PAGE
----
ICANN 53 – What to Expect in Buenos Aires

June 18, 2015

By Clark W. Lackert, Reed Smith LLP

The next global ICANN meeting starts this weekend in Buenos Aires, an event important to brand owners and advertisers. Since the last meeting in Singapore in February, several seismic shifts have happened which may change the domain name ecosystem forever. Here are a few.

Perhaps the major change was the unexpected resignation of the ICANN CEO, Fadi Chehadé. While Chehadé has been under constant attack from various sources over the last few months, few observers thought he would resign in the midst of so many major projects and challenges including Second Round planning, IANA Transition, the continued rise of the GAC, and Accountability review. Chehadé said that he would step down in March of 2016. Now that Chehadé is a lame duck, ICANN 53 will be actively discussing what’s next, who will replace him, and how will his agenda be affected.

Another major change is an increased level of scrutiny for ICANN by the U.S. Congress, whether in hearings or correspondence, particularly on the more aggressive posture of the GAC to insert governmental objections and vetoes into the ICANN process. On June 10, 2015, Rep. Blake Farenthold wrote a scathing letter to ICANN, and signed by other members of Congress, to voice concern over the GAC’s desire for more power, an issue which has been consistently been of importance to ANA and its members. In fact, the letter referenced the ANA detailed negative comments on the GAC geographical name proposal last Fall as its first footnote. This proposal was authored by Olga Cavalli, Vice Chair of the GAC, and would greatly expand geographical name objections by GAC at the expense of brands. Another version of it will be discussed starting this weekend. It will be interesting to see if this new level of U.S. government monitoring will affect the GAC posture in Buenos Aires.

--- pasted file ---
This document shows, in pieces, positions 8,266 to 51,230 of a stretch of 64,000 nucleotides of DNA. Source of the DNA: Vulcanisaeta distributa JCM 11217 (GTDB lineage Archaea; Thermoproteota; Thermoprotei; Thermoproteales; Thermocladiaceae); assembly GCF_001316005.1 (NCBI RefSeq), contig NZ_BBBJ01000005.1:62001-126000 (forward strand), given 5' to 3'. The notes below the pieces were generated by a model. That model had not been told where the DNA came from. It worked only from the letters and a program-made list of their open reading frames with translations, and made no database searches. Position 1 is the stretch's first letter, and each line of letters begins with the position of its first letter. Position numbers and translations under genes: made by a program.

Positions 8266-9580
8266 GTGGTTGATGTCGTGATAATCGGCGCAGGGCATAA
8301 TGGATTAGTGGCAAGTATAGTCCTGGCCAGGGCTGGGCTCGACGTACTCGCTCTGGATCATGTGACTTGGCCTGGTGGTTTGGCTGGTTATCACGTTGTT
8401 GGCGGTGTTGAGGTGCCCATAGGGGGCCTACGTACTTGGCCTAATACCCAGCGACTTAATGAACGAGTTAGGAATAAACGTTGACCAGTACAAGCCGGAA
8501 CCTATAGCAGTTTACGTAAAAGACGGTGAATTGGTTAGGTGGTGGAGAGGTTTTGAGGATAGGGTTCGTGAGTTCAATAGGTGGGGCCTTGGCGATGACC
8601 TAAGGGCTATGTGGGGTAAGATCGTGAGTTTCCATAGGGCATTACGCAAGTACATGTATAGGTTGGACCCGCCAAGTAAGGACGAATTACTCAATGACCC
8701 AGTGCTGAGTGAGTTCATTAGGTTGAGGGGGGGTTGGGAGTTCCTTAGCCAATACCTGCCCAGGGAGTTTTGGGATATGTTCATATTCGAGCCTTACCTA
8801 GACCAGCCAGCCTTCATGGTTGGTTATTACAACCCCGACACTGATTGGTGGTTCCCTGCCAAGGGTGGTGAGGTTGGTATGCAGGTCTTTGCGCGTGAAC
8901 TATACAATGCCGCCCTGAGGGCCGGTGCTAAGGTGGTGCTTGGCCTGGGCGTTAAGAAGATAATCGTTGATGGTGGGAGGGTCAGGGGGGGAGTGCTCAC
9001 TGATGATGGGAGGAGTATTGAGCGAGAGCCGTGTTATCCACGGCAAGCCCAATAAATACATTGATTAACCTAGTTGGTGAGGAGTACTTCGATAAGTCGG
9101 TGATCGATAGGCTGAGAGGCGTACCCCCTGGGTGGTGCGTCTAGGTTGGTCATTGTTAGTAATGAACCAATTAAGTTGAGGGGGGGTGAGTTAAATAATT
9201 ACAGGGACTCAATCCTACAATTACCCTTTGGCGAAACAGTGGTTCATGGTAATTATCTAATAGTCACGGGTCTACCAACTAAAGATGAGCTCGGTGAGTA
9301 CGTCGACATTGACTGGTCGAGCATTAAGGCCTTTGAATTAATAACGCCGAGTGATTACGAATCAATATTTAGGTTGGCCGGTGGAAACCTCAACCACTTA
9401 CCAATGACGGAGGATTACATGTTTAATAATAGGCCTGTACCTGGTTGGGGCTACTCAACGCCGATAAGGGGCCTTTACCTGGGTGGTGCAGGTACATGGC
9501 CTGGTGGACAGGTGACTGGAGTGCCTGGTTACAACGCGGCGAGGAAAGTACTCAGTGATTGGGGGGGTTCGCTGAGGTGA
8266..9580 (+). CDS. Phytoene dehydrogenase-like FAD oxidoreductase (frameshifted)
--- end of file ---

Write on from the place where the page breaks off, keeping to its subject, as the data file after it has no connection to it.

Further action from Congress comes in the form of the DOTCOM Act (HR 805), which would give Congress time to review the proposed IANA transition and require a Government Accountability Office audit of the transition before it is finalized. This bill expresses many lawmakers’ concerns that ICANN is not prepared for the IANA transition, highlighting questions about the transparency and accountability of the organization. Yesterday, the DOTCOM Act was voted out of the House Energy & Commerce Committee on a voice vote and is now headed for the House floor.

Although it may seem unrelated, the FIFA scandal has also affected public perceptions of ICANN, most importantly in the area of accountability, a hot topic at ICANN right now. Several commentators have noted that during transition and accountability discussions going on at ICANN now and soon in Buenos Aires, it is inevitable that the issue of lessons learned from FIFA will enter the debate at several levels.

Finally, following up on our posts on the “.sucks” controversy, now the Canadian government has also declined to intervene on the issue. Both the U.S. and Canadian governments have now sent the controversy back to ICANN to get its house in order. At the moment, about 100,000 names are on the “.sucks” Premium Sunrise (Market Premium) list, a development which continues to anger brand owners.

Whatever happens at the meeting, these complex challenges for ICANN are not going away soon. As always, ANA members should speak up now before Buenos Aires to make sure their views are heard.

Reed Smith LLP is the ANA’s General Counsel.


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